If you have ever wondered about the history of the U.S. shrimp industry, then you need to meet the Versaggi family. The family's first generation pioneered offshore shrimping after introducing powerboats and adopting new equipment, and developed new markets for shrimp in New York City.
The second generation developed a large fleet of cutting-edge vessels that operated throughout the Gulf of Mexico and internationally and created one of the largest distributors of fresh and frozen shrimp in the United States. One hundred and ten years later, the third generation operates Versaggi Shrimp Corporation in Tampa, Florida. Sal Versaggi, one of the brothers, is the President of the Southern Shrimp Alliance and a dedicated leader on the many issues facing U.S. shrimp fishermen across the United States.
The first member of the Versaggi family emmigrated to the United States in 1898 from Syracusa, Sicily. Sollecito Salvadore hailed from a fishing family that sought to escape the depressed conditions of its homeland. As a merchant seaman aboard an Italian freighter, a hurricane forced an extended layover at the port of Fernandina, Florida and changed the course of his life and of the U.S. shrimp industry.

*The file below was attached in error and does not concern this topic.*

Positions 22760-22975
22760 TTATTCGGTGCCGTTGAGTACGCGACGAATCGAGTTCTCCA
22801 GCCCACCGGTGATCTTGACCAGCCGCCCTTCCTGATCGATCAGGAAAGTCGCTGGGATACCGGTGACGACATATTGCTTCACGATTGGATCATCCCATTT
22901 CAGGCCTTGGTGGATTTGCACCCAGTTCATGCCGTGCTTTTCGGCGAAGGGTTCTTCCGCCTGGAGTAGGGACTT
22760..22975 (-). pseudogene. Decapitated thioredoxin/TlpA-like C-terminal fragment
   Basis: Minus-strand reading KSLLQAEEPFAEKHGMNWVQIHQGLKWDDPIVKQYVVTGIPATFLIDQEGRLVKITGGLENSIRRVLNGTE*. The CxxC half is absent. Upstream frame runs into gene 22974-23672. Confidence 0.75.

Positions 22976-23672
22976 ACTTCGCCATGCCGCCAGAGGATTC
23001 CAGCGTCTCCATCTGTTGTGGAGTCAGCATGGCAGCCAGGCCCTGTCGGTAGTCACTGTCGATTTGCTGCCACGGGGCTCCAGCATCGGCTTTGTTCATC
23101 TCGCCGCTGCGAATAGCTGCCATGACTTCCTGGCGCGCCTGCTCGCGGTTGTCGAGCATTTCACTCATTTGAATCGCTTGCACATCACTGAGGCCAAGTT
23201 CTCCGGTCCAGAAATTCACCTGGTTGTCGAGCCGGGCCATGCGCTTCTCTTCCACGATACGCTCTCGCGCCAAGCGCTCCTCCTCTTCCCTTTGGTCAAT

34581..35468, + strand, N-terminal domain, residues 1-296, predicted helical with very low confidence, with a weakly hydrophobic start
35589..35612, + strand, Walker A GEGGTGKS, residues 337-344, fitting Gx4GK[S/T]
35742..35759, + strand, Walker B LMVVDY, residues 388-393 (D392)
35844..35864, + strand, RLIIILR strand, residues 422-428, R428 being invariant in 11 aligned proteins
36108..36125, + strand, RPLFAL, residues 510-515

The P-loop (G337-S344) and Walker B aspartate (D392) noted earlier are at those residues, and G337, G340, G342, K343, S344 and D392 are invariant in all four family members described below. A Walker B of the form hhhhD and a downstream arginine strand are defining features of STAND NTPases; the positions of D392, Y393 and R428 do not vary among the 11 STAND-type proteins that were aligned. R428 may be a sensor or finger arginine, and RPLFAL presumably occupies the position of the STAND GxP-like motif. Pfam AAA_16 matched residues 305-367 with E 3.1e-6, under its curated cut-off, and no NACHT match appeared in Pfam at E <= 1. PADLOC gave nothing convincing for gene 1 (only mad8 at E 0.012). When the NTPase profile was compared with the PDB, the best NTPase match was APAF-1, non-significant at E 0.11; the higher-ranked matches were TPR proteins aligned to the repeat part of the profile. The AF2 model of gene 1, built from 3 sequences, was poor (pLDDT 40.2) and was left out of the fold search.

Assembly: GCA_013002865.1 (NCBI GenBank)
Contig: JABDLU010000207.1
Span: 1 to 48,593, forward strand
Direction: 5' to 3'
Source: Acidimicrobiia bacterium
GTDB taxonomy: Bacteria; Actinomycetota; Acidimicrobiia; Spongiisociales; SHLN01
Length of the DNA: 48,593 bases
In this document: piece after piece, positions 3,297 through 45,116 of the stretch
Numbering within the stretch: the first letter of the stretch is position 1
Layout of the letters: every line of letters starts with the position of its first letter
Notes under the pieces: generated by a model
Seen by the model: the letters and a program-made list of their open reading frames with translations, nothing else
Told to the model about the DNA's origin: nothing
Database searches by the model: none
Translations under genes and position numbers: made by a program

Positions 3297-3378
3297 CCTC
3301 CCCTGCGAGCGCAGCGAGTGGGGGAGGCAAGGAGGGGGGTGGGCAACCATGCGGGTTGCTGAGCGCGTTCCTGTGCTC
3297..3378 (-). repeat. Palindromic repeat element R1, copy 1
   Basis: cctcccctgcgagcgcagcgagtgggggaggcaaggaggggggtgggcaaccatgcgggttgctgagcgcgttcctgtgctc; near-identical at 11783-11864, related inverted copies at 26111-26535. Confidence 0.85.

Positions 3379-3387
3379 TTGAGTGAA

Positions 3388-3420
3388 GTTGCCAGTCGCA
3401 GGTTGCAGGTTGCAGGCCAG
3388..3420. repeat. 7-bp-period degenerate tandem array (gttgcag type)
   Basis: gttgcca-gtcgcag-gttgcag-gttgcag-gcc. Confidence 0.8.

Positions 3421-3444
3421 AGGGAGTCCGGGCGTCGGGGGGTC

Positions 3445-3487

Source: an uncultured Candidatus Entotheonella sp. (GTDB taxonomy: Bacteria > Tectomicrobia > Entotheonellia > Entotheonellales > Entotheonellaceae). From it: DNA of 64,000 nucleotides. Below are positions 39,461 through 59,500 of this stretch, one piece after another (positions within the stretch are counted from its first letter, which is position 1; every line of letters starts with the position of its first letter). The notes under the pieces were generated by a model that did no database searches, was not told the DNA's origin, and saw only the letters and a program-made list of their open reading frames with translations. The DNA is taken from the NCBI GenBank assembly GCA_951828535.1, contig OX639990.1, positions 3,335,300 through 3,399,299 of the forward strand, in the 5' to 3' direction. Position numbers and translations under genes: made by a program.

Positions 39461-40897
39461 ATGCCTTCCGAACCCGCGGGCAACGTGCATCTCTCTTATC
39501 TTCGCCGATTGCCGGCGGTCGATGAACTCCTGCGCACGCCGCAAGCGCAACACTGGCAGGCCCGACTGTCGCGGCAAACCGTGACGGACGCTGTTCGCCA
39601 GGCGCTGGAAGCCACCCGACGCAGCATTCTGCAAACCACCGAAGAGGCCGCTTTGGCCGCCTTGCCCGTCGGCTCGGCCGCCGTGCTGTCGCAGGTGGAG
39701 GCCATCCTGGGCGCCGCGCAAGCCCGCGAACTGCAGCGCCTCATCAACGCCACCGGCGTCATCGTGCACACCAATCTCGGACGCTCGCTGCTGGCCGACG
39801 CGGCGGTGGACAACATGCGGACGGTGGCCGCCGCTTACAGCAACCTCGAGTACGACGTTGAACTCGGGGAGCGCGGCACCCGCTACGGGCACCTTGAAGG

Salvadore, later anglicized to Mike Salvador, started shrimping full-time in 1899 and adopted the fishing method prevalent in Florida at that time, cast netting from rowboats in the shallow estuaries. Interested in increasing his production, he soon opted for the haul seine. In 1902, Salvador equipped a boat with a small one-cylinder, four-cycle gasoline engine to improve the efficiency of haul seine fishing. This was the first time a power-driven boat was employed in the Fernandina shrimp fishery and caused the area's shrimp production to soar.
Increase Demand, Increase Supply
In 1906, Salvador was joined by his brother-in-law, Salvatore Versaggi, from Augusta, Sicily. Salvatore became disenchanted with the life of a fisherman in Fernandina and moved his family to New York to become a long-shoreman. Letters from friends reporting increased shrimp production in Fernandina sparked his interest in returning to the mild winters of Florida, but also stirred a conviction that there must be a better market for the shrimp. Salvatore made arrangements with friends in New York to buy the shrimp he would catch and returned the family to Florida in 1912.